Chelsea’s shock defeat at Newcastle allowed Liverpool to climb up to second place in the Premier League table before their crunch clash against table toppers Arsenal even kicked off on Saturday evening. Brendan Rodgers’ men had the chance to leapfrog the Gunners into first place, but a disappointing 2-0 defeat at the hands of the in-form London side saw the Reds drop down to the position they started the day in – third.
The result and performance brought Liverpool and their supporters back down to earth. Given the Merseysiders’ terrific start to the campaign and the superb Luis Suarez-Daniel Sturridge partnership in attack, some had suggested that the Anfield outfit could be considered as title contenders this season. That may still be the case, but the Reds now sit five points behind the league leaders and have some tough away fixtures to come in the coming weeks.
Going to Emirates Stadium was never going to be easy for Liverpool, particularly considering how well Arsenal have been playing this term and the form of Aaron Ramsey, Mesut Ozil and Olivier Giroud. But the Reds’ task was made even more difficult by the absences of first-choice wing-backs Glen Johnson and Jose Enrique. Despite the injuries, Rodgers persisted with his 3-5-2 system, but Jon Flanagan and Aly Cissokho never quite looked fully comfortable doing the crucial job required of wing-backs in this formation.
The 3-5-2 allows for the pairing of Suarez and Sturridge and relative solidity at the back with three centre-backs. However, it is essential that the wing-backs in such a system are energetic, quick, attack minded and of course, defensively sound – as these two players are effectively the only wide options in the team. Flanagan, a surprise inclusion, did not have a particularly bad game, but he does not perform the role that the more creative and effective Johnson can. Cissokho, in short, simply looked vulnerable and unconvincing while he was on the pitch.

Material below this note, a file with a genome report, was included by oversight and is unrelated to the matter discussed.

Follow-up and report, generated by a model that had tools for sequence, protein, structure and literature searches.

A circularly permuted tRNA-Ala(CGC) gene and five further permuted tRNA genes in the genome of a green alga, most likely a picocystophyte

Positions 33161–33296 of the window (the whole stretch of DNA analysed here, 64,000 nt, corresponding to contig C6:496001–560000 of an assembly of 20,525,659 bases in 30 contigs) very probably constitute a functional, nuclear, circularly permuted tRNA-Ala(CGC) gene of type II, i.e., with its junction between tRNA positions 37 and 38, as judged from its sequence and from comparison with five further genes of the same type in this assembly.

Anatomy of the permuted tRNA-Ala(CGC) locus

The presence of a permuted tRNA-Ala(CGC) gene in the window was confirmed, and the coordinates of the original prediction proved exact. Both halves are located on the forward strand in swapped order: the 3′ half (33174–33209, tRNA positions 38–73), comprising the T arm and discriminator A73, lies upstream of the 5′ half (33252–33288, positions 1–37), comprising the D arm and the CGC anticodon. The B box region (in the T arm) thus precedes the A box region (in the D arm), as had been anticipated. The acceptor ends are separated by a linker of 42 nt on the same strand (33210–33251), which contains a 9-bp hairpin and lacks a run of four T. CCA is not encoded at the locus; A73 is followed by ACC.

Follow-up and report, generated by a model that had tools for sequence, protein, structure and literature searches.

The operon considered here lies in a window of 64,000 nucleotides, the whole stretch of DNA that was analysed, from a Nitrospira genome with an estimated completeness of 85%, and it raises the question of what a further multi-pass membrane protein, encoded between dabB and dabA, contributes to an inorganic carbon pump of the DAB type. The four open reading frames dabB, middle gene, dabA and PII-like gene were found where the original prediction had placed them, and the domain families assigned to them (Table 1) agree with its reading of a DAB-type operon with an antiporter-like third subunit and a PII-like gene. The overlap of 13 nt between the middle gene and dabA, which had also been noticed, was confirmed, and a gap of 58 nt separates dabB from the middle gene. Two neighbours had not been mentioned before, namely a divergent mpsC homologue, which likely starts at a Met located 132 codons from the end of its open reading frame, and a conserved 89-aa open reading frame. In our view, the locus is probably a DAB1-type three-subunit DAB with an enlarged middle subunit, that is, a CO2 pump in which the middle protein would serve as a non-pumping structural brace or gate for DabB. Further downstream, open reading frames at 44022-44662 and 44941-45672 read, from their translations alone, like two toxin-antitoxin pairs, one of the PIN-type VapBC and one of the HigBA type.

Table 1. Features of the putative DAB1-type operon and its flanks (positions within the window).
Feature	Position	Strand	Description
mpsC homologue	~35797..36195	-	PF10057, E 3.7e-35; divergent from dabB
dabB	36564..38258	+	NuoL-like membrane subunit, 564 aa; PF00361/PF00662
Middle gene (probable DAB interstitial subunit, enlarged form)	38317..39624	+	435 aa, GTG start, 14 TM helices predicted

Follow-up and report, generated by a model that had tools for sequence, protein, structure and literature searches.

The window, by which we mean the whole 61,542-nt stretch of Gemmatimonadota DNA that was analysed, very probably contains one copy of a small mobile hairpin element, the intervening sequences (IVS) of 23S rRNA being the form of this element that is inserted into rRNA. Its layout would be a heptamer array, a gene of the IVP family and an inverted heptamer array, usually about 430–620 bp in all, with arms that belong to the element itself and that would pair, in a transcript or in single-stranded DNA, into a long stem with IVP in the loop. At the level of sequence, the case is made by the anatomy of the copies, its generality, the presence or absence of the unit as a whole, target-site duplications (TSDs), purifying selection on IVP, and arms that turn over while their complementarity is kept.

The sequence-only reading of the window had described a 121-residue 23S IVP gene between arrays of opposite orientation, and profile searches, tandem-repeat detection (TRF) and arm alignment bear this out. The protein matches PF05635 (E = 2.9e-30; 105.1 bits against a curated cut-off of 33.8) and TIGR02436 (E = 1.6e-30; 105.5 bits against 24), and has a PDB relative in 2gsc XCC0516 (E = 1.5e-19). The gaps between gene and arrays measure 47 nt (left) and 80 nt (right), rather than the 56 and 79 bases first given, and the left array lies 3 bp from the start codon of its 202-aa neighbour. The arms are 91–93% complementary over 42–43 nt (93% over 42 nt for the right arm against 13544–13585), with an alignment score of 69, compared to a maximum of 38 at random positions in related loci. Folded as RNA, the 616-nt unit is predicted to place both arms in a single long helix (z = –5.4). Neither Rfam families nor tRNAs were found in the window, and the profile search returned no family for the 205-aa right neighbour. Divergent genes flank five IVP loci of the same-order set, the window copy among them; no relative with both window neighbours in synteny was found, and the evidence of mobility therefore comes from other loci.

Perhaps Rodgers was in a lose-lose situation. Had he opted to revert to a 4-2-3-1 for this game, separating the lethal front two of Suarez and Sturridge, then he would have been criticised for doing so if Liverpool had lost. A 4-4-2 would have seen the Reds overrun in midfield. The 3-5-2 without top quality wing-backs is flawed, but no formation is guaranteed to secure a victory.
This setback will allow the manager to consider how to fine-tune his current favoured system, or whether it is even worth doing so. Four of Liverpool’s next five fixtures are against Fulham, Hull City, Norwich City and West Ham United, before tough trips to White Hart Lane, Stamford Bridge and Etihad Stadium. Rodgers has many minutes of football to experiment with before those difficult games arrive.
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